Shortly after President Donald Trump tweeted out a photo of Conan, a military dog making international news for his role in a recent raid, The Columbian got a call from an old friend.
Former Columbian reporter Tom Vogt called with a reminder that Clark County — and specifically Ridgefield — has some local history with heroic war dogs.
The Ridgefield Veterans Memorial was dedicated in 2012, and contains the names of Ridgefield-area troops who died in combat. One name on the monument is Cpl. Tubby, a dog in the War Dogs program who served in Guam during World War II.
Tubby came back into local consciousness at Ridgefield’s centennial celebration in 2009, according to Bob Ford, former commander of the local American Legion post. Ford and Bruce Crockett, another former commander of the post, were working on an updated memorial. The centennial celebration partly took place at an old monument, but Ford said a lot of residents said their relatives weren’t included.
They put out a notice asking for information about anyone with local ties who died while serving. A longtime Ridgefield couple said their daughter was reading a book by Susan Orlean called “Rin Tin Tin: The Life and the Legend” about the famed dog who was discovered on a World War I battlefield. In a portion of the book about war dogs, it mentions a Tubby from Ridgefield, Wash., who was shot and killed in Guam.
In Orlean’s book, it says Tubby had been donated to the Marines by Mrs. and Mr. Leo Raymond of Ridgefield. He was partnered with handler Guy Wachtsletter, according to Orlean’s book and the local Legion post.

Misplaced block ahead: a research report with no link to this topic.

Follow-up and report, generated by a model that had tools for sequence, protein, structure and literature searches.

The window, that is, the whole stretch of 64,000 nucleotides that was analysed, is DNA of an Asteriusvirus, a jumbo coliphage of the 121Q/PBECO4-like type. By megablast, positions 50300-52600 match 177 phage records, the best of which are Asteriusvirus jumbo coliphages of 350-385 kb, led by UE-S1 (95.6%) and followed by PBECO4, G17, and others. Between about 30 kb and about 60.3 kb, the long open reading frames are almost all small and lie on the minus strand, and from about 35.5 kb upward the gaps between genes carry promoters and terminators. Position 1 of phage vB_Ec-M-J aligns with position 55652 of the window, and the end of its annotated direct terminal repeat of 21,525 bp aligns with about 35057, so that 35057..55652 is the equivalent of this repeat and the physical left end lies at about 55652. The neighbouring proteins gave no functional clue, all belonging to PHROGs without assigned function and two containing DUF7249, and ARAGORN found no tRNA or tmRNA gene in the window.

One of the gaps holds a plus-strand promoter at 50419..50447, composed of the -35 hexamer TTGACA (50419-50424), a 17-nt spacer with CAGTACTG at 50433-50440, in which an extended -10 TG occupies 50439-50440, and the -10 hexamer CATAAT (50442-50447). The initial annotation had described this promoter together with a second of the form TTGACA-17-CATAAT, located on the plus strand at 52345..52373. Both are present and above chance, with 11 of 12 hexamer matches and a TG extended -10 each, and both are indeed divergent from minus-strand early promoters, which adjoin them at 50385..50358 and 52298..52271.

Ford said that Japanese soldiers would hide in caves on Guam, so Tubby and other dogs were sent as scouts to sniff out anyone in hiding.
“He’s credited with nine kills,” Ford said of Tubby. “He saved countless numbers of lives by bringing these guys to the marines’ attention.”
Ford added that since Tubby died saving his handler’s life in a combat situation, he was awarded the rank of corporal. He said that Wachtsletter wrote the Raymond family a letter about Tubby and how he was shot and killed. According to Orlean’s book, part of the letter read, “He behaved like a true Marine at all times and didn’t even whimper when he died. He was shot thru the heart and died instantly. We have buried him in the Marine Cemetery along with the other heroes of this campaign.”
“It was a no-brainer to put Tubby on the memorial once we learned about him,” Ford said. “War dogs are pretty special. They get them as puppies and go through a lot of training. There’s only 17 specific breeds they’ll take. He died in action, and he died a hero.”